The sold out Saturday night starts with Family Jordan, their country roots creating a regional pub feel with a couple blissfully dancing among the audience. Jordan Rochfort leads the band with confidence as the punters come piling in. “Do you want to see a bowling ball impression?” asks Rochfort. He sticks his two fingers in his eyes and his thumb in his mouth – great random humour as the many relaxed faces in the crowd wait for The Murlocs to spice things up.
It doesn’t take long for the night to heat up once Nice Biscuit kick off their set. As soon as the two fabulous frontwomen Billie Star and Grace Cuell walk on stage, all eyes are starstruck by their glittery black jumpsuits, matching chokers with long, silver fringes, crescent moon and star earrings and white go-go ankle boots. They take the audience’s breath away with their mesmerising synchronised movements and harmonised vocals. The band’s cosmic indie-pop takes everyone on a journey through space and time, and when the Nice Biscuit spaceship departs they leave the crowd in awe.
The red curtain opens and The Murlocs greet the full house with Noble Soldier – “So it goes, alcohol takes another soul.” The mosh pit is in full swing after the first song and crowdsurfers float towards the front. Singer Ambrose Kenny-Smith wears a blue jacket covered in cartoon animal patches with the band’s new album title, Manic Candid Episode, printed on the back, while the rest of the band are wearing uniform black shirts and blue pants. Manic Candid Episode as a whole delivers a blues-infused rock party that hypnotises people. The psychedelic distortion of rhythm and blues on stage is persistent throughout the night, causing extreme headbanging and unified jumping, with Kenny-Smith’s harmonica adding more fire to the explosive, mind-bending set.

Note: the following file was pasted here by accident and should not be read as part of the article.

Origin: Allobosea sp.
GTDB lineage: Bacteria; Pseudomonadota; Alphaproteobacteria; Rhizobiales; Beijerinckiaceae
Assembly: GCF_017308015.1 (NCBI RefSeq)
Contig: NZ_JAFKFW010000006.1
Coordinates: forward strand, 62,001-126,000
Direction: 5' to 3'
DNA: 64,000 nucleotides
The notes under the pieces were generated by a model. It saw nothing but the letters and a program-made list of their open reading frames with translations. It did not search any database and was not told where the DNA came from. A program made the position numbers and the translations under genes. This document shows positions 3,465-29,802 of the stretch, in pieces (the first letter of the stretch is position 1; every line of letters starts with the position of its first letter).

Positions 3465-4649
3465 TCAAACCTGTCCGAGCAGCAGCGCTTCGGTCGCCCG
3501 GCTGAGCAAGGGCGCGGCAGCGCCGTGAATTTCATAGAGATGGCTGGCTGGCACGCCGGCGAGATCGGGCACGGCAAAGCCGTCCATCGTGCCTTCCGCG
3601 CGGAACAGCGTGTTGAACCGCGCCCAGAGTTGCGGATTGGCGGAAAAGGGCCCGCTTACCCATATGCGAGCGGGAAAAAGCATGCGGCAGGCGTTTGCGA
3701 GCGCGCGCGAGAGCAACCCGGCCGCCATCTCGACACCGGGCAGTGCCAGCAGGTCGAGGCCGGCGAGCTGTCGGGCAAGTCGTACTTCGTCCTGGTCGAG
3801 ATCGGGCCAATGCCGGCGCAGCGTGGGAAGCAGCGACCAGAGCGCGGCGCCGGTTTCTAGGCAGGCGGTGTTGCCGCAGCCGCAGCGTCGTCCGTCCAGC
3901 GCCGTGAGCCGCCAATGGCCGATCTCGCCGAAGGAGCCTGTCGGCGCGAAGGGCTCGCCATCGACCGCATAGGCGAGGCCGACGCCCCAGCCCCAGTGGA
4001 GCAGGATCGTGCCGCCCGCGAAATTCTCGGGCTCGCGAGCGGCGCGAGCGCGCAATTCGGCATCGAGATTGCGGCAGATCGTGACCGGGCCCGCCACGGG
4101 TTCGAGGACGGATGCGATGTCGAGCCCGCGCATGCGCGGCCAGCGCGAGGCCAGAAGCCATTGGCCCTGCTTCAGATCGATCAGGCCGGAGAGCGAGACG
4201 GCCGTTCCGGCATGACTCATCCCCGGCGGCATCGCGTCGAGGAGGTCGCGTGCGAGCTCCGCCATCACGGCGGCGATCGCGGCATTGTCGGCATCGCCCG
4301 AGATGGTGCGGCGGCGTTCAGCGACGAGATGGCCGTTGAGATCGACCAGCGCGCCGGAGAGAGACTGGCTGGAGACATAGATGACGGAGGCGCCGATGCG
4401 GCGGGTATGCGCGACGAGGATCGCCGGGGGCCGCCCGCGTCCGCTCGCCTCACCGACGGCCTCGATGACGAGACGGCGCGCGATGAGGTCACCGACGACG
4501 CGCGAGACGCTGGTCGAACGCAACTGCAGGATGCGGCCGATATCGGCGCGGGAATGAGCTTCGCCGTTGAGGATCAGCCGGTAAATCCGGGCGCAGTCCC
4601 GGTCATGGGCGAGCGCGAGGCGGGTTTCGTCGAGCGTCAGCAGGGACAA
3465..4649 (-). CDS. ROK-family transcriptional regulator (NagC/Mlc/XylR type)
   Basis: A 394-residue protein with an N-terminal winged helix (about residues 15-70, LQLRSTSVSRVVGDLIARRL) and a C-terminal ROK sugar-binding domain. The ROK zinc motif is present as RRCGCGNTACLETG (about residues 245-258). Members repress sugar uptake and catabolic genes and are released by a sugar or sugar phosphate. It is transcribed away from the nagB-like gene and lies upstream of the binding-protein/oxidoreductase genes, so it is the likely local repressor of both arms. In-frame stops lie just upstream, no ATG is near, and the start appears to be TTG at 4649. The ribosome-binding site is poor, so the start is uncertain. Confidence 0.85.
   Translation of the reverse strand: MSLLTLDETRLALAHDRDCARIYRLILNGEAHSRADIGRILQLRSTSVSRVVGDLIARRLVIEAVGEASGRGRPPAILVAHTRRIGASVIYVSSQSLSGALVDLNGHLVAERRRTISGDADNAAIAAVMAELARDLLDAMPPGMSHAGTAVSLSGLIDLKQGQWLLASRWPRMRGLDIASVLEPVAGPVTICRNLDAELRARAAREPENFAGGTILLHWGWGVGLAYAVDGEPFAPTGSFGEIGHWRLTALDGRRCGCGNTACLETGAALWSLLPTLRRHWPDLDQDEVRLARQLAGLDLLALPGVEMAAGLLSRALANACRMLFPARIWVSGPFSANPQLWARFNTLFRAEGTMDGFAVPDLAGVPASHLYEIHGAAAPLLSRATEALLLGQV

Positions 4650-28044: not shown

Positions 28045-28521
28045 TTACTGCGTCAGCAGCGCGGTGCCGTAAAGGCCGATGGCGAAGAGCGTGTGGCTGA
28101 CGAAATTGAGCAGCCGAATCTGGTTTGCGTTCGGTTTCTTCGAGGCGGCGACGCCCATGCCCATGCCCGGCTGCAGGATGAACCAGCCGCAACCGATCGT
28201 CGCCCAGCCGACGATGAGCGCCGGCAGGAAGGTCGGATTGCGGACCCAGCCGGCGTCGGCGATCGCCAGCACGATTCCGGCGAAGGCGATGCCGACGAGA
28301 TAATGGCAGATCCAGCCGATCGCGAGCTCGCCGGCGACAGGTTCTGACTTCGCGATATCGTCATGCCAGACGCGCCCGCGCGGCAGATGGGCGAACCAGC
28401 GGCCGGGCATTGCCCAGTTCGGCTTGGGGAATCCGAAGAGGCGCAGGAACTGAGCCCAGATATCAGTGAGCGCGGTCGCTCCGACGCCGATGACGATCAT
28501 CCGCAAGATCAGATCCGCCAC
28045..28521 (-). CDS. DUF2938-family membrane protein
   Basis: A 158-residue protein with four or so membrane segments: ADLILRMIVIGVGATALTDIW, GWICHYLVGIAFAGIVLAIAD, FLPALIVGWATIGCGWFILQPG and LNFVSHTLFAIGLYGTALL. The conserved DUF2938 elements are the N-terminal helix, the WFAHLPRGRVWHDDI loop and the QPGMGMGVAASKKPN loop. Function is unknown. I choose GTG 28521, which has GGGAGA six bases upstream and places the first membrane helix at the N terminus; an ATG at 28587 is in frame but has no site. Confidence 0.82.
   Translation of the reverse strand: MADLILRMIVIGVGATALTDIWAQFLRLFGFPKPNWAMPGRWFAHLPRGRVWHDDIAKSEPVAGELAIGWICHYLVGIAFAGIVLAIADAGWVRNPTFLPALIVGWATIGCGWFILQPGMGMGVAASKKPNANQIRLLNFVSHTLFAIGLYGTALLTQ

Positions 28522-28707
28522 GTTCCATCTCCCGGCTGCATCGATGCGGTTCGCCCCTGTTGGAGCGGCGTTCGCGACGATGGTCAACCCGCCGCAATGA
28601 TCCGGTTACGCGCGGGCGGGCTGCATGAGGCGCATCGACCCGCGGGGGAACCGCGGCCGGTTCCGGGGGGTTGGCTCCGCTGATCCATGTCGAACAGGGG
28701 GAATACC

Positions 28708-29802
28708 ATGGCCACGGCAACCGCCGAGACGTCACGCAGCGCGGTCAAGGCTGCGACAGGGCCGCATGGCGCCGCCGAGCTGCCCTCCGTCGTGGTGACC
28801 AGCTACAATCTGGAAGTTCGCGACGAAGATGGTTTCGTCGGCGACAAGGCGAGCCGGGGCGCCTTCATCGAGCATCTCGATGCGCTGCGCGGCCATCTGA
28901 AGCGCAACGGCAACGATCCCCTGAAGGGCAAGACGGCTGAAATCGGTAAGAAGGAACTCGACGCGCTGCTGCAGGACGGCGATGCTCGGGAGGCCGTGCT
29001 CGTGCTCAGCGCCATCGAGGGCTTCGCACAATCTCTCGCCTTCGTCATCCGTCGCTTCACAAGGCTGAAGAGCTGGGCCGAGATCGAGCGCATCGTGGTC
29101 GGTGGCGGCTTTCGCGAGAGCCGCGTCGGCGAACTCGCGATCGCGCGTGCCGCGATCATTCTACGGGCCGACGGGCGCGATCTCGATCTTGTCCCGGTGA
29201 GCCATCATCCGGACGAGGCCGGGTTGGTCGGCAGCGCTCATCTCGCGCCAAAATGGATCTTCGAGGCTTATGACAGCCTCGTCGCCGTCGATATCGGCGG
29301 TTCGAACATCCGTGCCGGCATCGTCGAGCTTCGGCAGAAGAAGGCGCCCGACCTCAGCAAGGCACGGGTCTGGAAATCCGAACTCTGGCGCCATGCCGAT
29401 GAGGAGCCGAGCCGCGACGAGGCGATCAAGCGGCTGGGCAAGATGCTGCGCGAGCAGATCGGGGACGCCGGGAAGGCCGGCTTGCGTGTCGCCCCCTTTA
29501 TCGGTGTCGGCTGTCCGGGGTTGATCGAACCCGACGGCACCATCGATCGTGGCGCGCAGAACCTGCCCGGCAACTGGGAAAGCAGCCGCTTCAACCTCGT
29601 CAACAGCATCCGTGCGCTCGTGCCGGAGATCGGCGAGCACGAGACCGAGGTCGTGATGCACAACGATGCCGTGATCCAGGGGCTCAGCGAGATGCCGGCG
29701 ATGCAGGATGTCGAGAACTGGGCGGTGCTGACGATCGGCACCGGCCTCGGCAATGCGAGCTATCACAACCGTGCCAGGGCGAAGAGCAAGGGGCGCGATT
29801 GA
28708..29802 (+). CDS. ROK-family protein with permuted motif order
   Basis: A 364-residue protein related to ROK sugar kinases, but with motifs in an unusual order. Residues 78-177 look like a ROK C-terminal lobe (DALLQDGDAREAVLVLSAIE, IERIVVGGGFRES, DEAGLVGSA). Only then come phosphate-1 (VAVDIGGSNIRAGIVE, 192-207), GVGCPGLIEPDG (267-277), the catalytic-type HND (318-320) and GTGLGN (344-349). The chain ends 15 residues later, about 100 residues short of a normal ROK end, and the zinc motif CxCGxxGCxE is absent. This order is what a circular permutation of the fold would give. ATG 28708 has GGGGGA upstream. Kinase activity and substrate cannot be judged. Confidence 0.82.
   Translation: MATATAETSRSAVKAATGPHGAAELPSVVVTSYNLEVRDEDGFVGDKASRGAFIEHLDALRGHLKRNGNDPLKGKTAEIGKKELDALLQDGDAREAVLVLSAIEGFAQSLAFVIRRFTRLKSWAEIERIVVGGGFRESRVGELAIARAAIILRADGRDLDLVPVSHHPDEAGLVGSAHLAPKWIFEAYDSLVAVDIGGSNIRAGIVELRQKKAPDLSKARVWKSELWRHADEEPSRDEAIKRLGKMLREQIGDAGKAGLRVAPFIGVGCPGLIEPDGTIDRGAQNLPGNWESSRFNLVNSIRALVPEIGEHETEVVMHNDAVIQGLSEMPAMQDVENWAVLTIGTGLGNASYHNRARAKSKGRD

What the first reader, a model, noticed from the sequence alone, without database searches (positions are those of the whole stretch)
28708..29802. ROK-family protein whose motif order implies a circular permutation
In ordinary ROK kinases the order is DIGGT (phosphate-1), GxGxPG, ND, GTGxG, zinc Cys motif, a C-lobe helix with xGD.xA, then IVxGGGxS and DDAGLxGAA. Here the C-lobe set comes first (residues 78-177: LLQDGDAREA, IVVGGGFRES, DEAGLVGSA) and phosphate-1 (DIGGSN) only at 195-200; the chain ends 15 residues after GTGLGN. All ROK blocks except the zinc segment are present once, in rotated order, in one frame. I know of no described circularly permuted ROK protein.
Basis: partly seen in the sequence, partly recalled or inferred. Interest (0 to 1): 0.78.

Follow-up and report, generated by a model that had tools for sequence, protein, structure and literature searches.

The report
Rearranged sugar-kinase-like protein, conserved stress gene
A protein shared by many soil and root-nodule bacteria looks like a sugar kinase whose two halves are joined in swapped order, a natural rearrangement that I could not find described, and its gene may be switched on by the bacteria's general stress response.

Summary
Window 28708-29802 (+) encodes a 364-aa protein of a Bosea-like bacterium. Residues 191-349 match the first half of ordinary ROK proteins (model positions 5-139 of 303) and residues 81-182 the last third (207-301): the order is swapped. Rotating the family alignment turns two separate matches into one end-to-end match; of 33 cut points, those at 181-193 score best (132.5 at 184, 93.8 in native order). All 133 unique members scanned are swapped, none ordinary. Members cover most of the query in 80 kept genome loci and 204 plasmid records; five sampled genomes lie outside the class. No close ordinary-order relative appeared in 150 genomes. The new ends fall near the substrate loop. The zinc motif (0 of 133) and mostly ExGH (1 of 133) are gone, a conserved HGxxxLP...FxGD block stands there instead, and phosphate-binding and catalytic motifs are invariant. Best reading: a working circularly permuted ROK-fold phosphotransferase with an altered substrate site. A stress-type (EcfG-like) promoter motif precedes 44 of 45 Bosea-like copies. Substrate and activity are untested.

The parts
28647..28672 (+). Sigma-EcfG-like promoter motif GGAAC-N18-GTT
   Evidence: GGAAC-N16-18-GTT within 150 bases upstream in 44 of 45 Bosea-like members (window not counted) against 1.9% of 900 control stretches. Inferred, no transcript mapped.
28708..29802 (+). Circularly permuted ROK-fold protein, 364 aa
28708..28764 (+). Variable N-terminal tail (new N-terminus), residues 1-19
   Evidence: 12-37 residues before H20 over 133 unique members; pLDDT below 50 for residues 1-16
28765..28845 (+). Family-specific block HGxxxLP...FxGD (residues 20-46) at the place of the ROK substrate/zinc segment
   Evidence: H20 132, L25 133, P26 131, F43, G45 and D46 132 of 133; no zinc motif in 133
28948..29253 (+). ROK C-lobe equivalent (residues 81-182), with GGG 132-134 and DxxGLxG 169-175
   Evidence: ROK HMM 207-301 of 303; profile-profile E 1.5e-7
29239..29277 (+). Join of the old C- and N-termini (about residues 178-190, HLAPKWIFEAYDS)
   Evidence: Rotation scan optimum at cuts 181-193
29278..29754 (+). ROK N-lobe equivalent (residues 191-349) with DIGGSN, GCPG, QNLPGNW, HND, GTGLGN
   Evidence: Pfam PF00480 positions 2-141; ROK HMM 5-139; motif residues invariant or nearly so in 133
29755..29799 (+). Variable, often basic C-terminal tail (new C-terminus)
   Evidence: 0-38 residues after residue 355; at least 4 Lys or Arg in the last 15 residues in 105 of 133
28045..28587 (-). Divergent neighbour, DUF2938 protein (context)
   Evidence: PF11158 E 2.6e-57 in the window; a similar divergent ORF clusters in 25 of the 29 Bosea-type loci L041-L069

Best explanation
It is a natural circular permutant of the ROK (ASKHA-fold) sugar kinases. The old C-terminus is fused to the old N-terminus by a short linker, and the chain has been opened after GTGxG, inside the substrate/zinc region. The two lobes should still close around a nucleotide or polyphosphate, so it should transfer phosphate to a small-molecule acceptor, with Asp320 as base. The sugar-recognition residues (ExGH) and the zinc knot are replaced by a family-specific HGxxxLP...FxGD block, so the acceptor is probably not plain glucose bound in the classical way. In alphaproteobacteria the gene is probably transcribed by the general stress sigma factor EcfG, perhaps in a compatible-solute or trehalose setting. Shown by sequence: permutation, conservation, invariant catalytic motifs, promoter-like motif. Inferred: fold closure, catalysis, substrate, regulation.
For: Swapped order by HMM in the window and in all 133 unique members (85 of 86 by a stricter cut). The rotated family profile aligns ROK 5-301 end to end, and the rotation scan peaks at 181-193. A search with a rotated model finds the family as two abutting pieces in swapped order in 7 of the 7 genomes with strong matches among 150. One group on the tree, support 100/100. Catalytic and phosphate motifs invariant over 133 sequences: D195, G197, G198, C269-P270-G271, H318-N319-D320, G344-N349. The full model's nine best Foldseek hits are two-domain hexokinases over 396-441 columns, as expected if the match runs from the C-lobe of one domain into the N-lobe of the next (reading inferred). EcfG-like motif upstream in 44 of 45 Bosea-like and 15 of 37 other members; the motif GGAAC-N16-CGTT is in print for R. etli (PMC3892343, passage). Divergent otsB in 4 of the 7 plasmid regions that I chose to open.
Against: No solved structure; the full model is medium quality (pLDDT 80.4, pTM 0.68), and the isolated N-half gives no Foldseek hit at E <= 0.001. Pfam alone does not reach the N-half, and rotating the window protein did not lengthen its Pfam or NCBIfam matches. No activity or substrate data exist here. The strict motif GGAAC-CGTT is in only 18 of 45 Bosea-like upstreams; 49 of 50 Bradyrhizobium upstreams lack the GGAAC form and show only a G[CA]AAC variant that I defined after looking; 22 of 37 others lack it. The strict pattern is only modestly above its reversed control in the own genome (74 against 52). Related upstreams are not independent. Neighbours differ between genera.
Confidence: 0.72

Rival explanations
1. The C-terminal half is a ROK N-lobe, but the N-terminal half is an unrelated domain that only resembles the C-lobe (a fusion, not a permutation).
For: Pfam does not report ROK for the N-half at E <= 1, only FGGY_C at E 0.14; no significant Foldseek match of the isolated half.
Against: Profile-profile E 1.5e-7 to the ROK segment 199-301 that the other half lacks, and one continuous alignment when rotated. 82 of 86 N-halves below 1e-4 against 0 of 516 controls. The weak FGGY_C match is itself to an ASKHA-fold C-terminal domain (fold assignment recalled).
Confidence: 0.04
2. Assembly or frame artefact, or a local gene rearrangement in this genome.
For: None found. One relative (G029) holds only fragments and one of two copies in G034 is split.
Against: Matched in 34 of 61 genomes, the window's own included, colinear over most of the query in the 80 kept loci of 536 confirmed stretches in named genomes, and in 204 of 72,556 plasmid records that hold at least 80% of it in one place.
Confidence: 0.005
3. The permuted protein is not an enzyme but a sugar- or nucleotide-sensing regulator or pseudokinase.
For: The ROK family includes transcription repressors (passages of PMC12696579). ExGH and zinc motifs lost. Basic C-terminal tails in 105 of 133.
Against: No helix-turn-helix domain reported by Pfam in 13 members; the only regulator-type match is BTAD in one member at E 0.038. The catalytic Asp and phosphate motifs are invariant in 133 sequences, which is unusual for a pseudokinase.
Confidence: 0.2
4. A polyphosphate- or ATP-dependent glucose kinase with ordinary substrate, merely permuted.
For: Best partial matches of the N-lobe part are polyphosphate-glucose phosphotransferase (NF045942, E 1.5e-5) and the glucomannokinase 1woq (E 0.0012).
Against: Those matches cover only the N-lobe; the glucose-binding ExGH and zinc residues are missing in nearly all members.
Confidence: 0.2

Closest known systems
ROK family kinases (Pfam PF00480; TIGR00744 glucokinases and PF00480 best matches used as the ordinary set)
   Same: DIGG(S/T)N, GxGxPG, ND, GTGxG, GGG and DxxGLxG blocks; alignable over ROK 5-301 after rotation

Moving closer to the audience during Withstand, Kenny-Smith removes the mic from the stand and places the lead on top of his shoulder. He stands on the edge of the stage, looking out into the packed room as they sing along, both parties feeding off the other’s energy. Emotional, slower-paced song Comfort Zone see the frontman removing his jacket and revealing a white embroidered western shirt with “UNCLE MURL” written on the back. People sit on their mates’ shoulders during the track, arms (and some empty beer glasses) swaying in the air. Another highlight is watching Kenny-Smith’s quirky moves, hips shaking and arms twisting along to songs like Snake In The Grass, Old Locomotive and more gems.
When the night finishes, psyched-out fans leave on a high.
Written by Alicia Ogley for The Music
All photos by Joshua Braybrook